New Book -- Narwhals: Arctic Whales in a Melting World Explores Mysterious Whales

Yes, narwhals are real. Glad we’ve gotten that out of the way.

With white splotches, grayish-black bodies and a dramatically protruding tusk piercing through their skin on the left side, the uncertainty surrounding the narwhal is about as dark as the deep, black arctic waters in which they swim. In his new book, Narwhals: Arctic Whales in a Melting World Author Todd McLeish attempts to shed light on one of the least studied whales on the planet.

Having lived in Nunavut for a brief period of time, I jumped at the opportunity to review a book that focused on the majestic and bizarre world that is the high Canadian Arctic. McLeish describes the arctic landscape as best as one can, from the fjords to the cracked ice, sparsely vegetated tundra to the stunning stone outcrops; it is an experience unlike any other. Few life forms survive in the harsh arctic climate, let alone thrive.

McLeish weaves together his own personal story of a life-long love for the marine creature along with current scientific research and relevant historical information. His travels with research teams and Inuit hunters give us answers, yet also allow the reader to draw their own conclusions because some facts just simply don’t exist yet.

The reader follows him on his quest for knowledge, from the National Snow and Ice Center in Colorado to the farthest reaches of Greenland. Traveling on tiny prop planes, kayaks and hiking on the ice, it truly is an incredible journey just to reach the remote habitat of the narwhal. The animals live off the coast of Greenland and Canada’s Baffin Island in the Arctic Ocean.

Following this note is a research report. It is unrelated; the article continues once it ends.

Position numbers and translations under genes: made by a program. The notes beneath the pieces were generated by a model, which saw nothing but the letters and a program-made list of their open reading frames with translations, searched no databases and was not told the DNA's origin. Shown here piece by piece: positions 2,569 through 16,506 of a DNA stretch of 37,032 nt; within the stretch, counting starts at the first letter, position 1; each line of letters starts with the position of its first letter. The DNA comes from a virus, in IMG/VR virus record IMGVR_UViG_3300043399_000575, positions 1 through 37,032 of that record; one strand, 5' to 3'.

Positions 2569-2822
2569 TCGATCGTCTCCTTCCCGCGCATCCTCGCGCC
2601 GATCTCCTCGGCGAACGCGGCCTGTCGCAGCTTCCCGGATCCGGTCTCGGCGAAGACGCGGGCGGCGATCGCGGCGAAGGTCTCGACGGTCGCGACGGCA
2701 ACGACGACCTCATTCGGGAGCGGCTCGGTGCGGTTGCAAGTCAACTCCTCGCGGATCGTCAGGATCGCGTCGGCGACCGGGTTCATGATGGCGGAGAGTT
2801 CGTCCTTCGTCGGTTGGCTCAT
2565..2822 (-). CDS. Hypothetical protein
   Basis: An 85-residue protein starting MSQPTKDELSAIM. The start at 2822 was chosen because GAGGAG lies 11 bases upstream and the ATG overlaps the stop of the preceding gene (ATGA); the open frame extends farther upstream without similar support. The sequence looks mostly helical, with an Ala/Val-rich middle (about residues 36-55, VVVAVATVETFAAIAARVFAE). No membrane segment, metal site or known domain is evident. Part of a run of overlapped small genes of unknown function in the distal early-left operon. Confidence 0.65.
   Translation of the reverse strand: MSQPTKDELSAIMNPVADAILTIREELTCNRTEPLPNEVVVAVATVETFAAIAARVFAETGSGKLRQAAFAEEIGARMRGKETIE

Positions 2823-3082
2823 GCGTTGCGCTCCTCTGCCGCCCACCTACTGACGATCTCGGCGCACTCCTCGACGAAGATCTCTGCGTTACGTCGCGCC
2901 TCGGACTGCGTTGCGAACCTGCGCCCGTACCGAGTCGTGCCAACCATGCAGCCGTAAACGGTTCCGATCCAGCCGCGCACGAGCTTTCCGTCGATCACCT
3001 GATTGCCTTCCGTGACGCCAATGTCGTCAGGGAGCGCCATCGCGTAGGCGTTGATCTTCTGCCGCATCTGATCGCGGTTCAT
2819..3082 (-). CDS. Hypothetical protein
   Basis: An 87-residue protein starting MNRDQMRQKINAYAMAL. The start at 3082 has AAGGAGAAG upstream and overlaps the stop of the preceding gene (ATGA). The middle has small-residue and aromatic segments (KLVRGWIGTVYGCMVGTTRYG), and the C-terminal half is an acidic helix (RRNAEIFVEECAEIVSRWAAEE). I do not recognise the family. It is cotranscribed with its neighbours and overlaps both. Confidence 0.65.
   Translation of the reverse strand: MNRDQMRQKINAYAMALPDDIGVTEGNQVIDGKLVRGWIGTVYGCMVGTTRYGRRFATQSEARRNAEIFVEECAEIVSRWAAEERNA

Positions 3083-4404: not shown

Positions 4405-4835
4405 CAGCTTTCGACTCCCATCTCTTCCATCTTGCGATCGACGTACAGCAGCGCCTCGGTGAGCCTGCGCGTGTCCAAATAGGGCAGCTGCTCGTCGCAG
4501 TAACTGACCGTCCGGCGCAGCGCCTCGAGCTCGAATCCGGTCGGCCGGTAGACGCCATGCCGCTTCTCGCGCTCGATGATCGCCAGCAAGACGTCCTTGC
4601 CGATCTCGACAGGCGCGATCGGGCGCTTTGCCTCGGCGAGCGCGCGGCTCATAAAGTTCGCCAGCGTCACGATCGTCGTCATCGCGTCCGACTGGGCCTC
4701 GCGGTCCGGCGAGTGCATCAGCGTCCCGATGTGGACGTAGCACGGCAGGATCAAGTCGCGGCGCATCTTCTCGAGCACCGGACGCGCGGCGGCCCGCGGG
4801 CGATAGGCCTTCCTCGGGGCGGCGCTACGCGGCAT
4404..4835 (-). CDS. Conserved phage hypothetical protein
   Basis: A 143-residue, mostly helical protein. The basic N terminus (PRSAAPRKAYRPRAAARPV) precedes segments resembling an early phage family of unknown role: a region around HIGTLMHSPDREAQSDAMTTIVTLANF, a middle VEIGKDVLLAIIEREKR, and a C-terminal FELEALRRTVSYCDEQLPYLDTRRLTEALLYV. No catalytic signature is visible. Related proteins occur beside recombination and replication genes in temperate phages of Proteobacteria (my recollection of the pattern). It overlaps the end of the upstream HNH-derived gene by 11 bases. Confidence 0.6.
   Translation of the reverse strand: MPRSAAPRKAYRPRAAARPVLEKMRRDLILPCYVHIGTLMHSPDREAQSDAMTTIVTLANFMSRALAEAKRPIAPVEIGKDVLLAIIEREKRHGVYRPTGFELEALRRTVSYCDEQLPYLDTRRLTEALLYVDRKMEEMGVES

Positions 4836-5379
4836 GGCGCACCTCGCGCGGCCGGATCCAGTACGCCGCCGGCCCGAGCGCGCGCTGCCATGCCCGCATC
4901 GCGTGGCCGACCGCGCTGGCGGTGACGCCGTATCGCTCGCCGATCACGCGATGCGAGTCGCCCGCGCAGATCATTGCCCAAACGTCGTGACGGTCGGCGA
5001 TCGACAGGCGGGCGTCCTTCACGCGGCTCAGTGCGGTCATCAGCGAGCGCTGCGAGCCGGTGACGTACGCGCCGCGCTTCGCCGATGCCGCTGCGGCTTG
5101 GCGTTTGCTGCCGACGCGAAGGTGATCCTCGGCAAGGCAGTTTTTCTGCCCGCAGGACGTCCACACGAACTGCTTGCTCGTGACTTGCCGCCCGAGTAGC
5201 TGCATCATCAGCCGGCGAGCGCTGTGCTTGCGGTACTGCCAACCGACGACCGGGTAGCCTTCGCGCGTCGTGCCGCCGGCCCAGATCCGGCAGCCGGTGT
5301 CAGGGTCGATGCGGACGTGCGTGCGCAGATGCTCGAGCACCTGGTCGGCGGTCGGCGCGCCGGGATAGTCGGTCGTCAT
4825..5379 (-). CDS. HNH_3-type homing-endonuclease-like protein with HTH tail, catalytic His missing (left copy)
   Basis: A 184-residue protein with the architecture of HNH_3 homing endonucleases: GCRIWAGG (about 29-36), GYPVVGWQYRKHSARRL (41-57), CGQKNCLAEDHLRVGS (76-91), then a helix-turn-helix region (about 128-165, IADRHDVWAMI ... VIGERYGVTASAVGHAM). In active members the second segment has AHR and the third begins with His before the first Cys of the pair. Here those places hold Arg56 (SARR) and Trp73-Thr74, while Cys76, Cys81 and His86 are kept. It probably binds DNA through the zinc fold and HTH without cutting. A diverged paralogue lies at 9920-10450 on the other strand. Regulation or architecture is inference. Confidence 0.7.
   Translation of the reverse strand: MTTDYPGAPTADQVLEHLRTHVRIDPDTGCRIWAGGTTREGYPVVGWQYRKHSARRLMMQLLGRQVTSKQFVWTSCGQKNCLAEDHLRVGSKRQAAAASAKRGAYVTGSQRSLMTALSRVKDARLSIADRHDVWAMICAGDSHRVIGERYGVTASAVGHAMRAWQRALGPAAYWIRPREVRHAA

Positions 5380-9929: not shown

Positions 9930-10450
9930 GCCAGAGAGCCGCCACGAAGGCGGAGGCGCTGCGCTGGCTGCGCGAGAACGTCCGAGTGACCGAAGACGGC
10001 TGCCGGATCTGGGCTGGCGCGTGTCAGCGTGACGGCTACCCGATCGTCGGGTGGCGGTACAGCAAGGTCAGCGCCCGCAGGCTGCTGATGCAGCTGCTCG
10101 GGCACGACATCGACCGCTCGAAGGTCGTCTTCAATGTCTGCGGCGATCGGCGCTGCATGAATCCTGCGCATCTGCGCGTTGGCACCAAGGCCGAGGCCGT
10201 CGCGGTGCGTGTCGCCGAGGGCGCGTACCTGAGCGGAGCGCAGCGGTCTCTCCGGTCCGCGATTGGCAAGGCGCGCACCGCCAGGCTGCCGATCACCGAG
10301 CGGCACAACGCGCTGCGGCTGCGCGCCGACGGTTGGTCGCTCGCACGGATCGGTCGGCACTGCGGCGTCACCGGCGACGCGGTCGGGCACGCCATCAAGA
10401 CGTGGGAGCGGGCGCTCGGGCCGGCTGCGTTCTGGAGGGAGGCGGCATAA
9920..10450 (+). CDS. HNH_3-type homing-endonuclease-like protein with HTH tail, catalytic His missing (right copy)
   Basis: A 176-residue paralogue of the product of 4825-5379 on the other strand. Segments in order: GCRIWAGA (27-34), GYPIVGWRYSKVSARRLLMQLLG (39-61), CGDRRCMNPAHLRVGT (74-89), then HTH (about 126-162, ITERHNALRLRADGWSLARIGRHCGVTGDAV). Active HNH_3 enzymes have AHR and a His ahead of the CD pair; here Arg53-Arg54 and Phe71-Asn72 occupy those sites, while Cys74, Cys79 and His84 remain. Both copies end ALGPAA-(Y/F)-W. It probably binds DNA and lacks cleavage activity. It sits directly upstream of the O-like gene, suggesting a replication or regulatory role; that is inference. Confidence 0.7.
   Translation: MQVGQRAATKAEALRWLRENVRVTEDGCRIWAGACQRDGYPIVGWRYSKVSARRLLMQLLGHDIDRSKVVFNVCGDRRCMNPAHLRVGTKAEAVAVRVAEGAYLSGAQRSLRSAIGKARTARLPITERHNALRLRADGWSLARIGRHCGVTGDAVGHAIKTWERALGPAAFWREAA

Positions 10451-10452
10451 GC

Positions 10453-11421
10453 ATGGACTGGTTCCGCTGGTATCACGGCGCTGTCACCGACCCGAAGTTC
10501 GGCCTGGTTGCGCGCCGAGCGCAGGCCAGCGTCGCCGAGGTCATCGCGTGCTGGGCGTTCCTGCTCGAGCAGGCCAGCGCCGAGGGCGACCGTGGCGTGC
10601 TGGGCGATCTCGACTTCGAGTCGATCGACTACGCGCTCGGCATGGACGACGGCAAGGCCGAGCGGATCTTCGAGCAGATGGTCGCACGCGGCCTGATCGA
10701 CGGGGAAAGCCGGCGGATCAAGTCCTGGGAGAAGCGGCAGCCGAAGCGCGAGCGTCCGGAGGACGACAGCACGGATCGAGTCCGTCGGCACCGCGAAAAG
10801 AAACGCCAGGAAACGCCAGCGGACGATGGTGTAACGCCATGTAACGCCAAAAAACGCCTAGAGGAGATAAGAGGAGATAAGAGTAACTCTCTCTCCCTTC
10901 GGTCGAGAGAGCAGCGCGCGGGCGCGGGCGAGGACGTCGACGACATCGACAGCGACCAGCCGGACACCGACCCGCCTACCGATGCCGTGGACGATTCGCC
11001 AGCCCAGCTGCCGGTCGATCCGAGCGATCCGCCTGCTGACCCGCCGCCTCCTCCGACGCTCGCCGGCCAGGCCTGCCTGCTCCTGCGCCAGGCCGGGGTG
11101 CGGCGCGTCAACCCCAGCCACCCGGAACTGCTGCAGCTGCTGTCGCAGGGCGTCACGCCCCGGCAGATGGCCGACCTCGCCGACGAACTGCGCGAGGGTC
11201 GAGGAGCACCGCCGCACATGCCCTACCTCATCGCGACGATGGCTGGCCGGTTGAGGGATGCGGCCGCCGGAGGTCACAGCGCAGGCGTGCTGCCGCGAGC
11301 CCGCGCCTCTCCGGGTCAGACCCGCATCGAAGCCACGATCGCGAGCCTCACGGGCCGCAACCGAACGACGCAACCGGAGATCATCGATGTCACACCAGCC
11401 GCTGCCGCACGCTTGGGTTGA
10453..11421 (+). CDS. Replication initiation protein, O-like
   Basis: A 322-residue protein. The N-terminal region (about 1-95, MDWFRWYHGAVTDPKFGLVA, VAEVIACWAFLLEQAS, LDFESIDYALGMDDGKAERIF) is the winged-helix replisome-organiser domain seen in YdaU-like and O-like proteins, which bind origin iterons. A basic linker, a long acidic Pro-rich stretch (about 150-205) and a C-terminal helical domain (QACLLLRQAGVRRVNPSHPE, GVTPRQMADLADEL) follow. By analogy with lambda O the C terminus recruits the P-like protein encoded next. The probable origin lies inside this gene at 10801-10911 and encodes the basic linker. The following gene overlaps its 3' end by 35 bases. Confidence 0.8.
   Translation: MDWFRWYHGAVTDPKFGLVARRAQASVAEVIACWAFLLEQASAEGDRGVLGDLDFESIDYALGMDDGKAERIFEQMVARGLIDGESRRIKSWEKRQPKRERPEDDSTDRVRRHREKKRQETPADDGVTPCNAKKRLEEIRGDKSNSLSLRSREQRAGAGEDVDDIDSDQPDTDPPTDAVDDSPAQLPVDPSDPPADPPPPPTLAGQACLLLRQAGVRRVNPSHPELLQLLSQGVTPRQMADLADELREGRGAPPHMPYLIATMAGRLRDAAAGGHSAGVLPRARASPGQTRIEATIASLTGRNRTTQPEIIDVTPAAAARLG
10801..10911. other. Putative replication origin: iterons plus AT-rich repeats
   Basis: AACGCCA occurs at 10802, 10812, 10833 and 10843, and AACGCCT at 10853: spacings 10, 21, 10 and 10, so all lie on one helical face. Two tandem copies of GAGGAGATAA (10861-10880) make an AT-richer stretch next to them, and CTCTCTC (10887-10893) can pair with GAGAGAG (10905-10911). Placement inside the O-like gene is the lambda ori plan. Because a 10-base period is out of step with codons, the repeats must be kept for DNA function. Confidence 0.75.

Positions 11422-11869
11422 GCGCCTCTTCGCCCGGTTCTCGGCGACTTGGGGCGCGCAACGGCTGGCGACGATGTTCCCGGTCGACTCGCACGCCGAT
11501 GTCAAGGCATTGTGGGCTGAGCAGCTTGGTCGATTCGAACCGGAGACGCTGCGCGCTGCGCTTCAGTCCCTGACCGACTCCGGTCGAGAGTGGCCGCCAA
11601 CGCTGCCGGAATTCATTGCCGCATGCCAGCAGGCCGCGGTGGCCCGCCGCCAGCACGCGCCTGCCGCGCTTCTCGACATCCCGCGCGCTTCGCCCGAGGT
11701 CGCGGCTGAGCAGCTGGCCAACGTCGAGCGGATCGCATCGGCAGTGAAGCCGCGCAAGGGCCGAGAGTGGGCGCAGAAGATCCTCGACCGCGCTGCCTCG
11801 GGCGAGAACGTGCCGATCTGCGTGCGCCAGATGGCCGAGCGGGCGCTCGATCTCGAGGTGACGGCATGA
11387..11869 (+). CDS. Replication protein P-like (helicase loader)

Perhaps the most poignant portions of the text are when McLeish makes discoveries himself. Towards the end of the book, he witnesses a narwhal hunt first-hand and learns that despite his love and respect for the narwhal, he has no problem with tasting one.

The author did his homework on narwhals, finding the first historical documentation of the creature in medieval texts and chronologically citing each source illustration on how their depictions have changed over time. The first drawings painted a crude picture of the creature, some showing hawk-like beaks while others appeared with a cylindrical wolf snout and wings.

The book reads quickly but, keep in mind, not all of you’re questions will be answered. However, it is one of the most complete and comprehensive profiles of narwhals that I’ve read. It probes the unanswered question about the narwhals with multiple hypotheses. The book is one of the definitive sources on these amazing creatures.

Watch the book trailer! Pick up your own copy of the book for $26.95 at the Washington University Press website or at an Indiebound bookstore near your